Jean Piaget was a Swiss Psychologist who developed a Theory of Cognitive Development which attempted to go beyond the simple measure of mental capacity that is IQ and achieve a more in-depth understanding of a child’s mental capacity. It was widely believed, during the 1930s, that children were simply worse thinkers than adults. However, through a series of clever tests, Piaget (1936) proved that children think in completely different ways to adults and, moreover, their ability to reason compounds such that one form of logic leads to improved versions as the child develops. Piaget’s theory had four stages of cognitive development.
Sensorimotor – The sensorimotor stage lasts from birth until around age two. This is a stage of discovery for the child. The child begins to examine the relationships between actions and the consequences of those actions. For example, a child begins to learn that, if they push a spoon to the edge of a table, it will fall. A child also begins to develop the concept of self. The child learns that they are separate from the outside world and that the hand is a part of themselves but the spoon is not. Additionally, the child learns that it is able to take actions and manipulate the environment around them. They become more object-oriented and may play with a rattle or a set of keys, for example, for its enjoyment. During this stage, the child learns Object Permanence which is the understanding that when an object is out of sight it does not cease to exist. Piaget tested this by placing objects under a cloth in front of the child. An 8 month old child will stop and lose interest almost immediately but a 1 year old will actively search for the object. At this point, the child understands that the object continues to exist and has a mental picture of the object. This is the first sign that the child has developed Short Term Memory.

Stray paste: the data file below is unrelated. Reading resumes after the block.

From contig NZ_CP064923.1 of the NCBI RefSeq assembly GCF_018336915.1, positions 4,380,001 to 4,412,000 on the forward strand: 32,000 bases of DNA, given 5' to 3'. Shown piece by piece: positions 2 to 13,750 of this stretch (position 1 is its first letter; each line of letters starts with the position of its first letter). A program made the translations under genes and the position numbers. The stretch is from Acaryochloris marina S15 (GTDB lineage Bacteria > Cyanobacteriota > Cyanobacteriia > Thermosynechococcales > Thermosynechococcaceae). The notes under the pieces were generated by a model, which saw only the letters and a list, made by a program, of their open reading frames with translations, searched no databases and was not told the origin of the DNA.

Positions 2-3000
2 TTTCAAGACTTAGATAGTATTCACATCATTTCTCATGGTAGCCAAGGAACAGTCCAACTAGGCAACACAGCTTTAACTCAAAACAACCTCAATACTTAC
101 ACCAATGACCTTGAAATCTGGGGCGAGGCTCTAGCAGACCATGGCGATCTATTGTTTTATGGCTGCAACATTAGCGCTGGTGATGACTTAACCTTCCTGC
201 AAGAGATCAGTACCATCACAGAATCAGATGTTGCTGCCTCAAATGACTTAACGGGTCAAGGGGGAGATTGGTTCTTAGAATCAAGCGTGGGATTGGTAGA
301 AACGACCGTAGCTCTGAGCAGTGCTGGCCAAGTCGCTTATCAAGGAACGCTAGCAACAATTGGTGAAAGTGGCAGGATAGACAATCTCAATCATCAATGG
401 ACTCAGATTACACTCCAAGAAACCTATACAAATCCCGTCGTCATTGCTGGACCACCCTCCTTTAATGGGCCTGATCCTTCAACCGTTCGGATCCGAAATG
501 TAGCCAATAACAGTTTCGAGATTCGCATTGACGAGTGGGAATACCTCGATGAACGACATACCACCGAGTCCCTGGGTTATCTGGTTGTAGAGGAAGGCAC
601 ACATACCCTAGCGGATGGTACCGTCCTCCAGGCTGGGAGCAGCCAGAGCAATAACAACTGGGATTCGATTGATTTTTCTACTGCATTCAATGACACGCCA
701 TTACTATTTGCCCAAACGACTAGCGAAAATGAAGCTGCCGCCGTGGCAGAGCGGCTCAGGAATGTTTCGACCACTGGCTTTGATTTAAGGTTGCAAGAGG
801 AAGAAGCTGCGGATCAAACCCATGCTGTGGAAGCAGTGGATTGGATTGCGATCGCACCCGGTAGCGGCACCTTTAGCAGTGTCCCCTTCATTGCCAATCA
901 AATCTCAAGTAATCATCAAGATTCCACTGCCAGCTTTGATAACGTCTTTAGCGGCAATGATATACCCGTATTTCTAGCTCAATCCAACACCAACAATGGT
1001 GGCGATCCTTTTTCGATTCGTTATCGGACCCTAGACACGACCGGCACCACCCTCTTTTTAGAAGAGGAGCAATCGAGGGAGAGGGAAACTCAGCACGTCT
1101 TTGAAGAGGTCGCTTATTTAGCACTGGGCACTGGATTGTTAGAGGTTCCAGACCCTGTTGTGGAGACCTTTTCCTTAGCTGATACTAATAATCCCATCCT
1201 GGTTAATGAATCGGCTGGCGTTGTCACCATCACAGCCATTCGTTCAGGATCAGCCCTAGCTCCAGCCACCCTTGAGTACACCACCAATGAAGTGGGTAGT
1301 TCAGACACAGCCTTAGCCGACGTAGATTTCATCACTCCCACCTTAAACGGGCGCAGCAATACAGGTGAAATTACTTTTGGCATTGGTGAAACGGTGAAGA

Pre-Operational – This stage lasts from 2 years to 7 years of age and is the stage during which children develop language. At this stage, children are able to think symbolically. For example, during play, you might see a child pretending that a stick is a sword or a gun. A child’s speech also demonstrates their ability to think symbolically. However, while a child’s mind can think symbolically, it has trouble thinking logically and cannot manipulate information in the mind. Piaget (1936) proved this through Conservation Experiments. There were two kinds of there: conservation of mass and number.
Conservation of mass – This experiment may involve a child being given two glasses with an equal amount of liquid inside. The experimenter will then pour one of the glasses into a longer glass in font of the child without any liquid being added. The child will then be asked which contains more liquid and, at this stage, will answer that the larger container has more despite nothing being added. Additionally, the same experiment can be conducted with two clay balls of the same size. The experimenter will roll one into a cylinder and the child will then identify the cylindrical one as the larger one.